Publication: Monitor Volume: 5 Issue: 155

In a decision which caught most observers by surprise, Grigory Yavlinsky’s Yabloko and former Prime Minister Sergei Stepashin announced on August 23 that they will join forces. Stepashin will reportedly get one of the top three positions in Yabloko’s party list of candidates for this December’s parliamentary elections. In a joint statement, Yabloko and Stepashin pledged that their alliance would be an “honest, effective and democratic” ruling party or opposition, depending on how they fared in the December vote. Stepashin, meanwhile, pledged to stick with Yabloko and be part of its parliamentary faction (Russian agencies, August 24).

Stepashin’s decision to align with Yabloko followed the weekend collapse of an attempt to put together a broad center-right coalition which would have included Stepashin, Anatoly Chubais’ Right Cause, Sergei Kirienko’s New Force and Viktor Chernomyrdin’s Russia is Our Home. After Russia is Our Home refused to get on board, Stepashin also abandoned the proposed coalition and announced that he would run for a seat representing a single mandate district in St. Petersburg. Yabloko, which has a powerful organization in Russia’s second city, has promised to support Stepashin’s run (Russian agencies, August 24).

The Yabloko-Stepashin alliance was not entirely out of the blue: Last week, Yabloko leader Yavlinsky and the former prime minister met several times to discuss a possible alliance. By week’s end, however, Yavlinsky and other Yabloko officials were saying that Stepashin had backed out (RTR, August 22).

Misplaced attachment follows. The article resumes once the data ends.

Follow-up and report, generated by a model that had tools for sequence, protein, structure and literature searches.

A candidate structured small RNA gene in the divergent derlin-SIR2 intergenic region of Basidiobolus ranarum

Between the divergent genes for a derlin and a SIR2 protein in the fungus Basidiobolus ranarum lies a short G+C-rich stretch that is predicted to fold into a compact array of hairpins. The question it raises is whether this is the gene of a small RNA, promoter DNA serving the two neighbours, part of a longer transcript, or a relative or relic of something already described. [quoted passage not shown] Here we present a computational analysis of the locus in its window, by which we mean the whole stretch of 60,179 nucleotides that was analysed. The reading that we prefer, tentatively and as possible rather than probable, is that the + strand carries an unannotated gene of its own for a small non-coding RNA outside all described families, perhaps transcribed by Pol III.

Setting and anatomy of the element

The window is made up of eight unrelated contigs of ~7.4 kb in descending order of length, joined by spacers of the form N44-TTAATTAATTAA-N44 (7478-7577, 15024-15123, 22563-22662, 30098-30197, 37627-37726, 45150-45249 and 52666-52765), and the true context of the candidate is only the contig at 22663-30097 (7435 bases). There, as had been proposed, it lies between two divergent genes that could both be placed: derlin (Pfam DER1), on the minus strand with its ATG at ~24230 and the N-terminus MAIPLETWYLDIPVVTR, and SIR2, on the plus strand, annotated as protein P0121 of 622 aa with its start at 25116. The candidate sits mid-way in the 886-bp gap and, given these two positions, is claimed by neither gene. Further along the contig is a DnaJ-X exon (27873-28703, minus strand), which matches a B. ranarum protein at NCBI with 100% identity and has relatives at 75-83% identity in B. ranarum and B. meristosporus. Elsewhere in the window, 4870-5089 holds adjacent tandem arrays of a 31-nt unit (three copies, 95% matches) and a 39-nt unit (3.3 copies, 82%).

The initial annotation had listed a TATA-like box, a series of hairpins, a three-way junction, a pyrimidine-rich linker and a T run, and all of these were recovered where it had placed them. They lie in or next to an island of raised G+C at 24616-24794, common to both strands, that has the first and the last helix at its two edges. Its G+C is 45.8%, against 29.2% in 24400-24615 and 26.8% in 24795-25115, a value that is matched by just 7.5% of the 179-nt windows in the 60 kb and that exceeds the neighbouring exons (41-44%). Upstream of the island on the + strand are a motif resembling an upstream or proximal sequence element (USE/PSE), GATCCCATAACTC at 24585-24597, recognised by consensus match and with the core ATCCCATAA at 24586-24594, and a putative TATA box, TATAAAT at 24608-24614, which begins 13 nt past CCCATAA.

On one level, the Yabloko-Stepashin alliance looks strange, given that Stepashin, prior to his tenure as prime minister, was a long-time loyalist to President Boris Yeltsin and a security forces chief who played a key role in the Chechen War. Yabloko has been a stalwart critic of Yeltsin and strongly opposed that war. On the other hand, Yabloko–in what might be, at least in part, an attempt to broaden its appeal beyond members of the liberal intelligentsia to more nationalist-minded voters–has come out strongly in support of the government’s military campaign against Islamist insurgents in Dagestan. Having Stepashin, a former interior minister and security services chief, on its ticket might further help Yabloko broaden its base, particularly since Stepashin’s approval rating has increased since Yeltsin fired him from the prime ministerial post earlier this month. A poll recently taken by the Public Opinion Foundation showed that Stepashin ranks second, behind former Prime Minister Yevgeny Primakov, in terms of public trust (ORT, August 22).

The Yabloko-Stepashin union, however, may not live beyond December’s parliamentary vote, given that Yavlinsky has already announced plans to run for president next year, and Stepashin is likely to follow suit.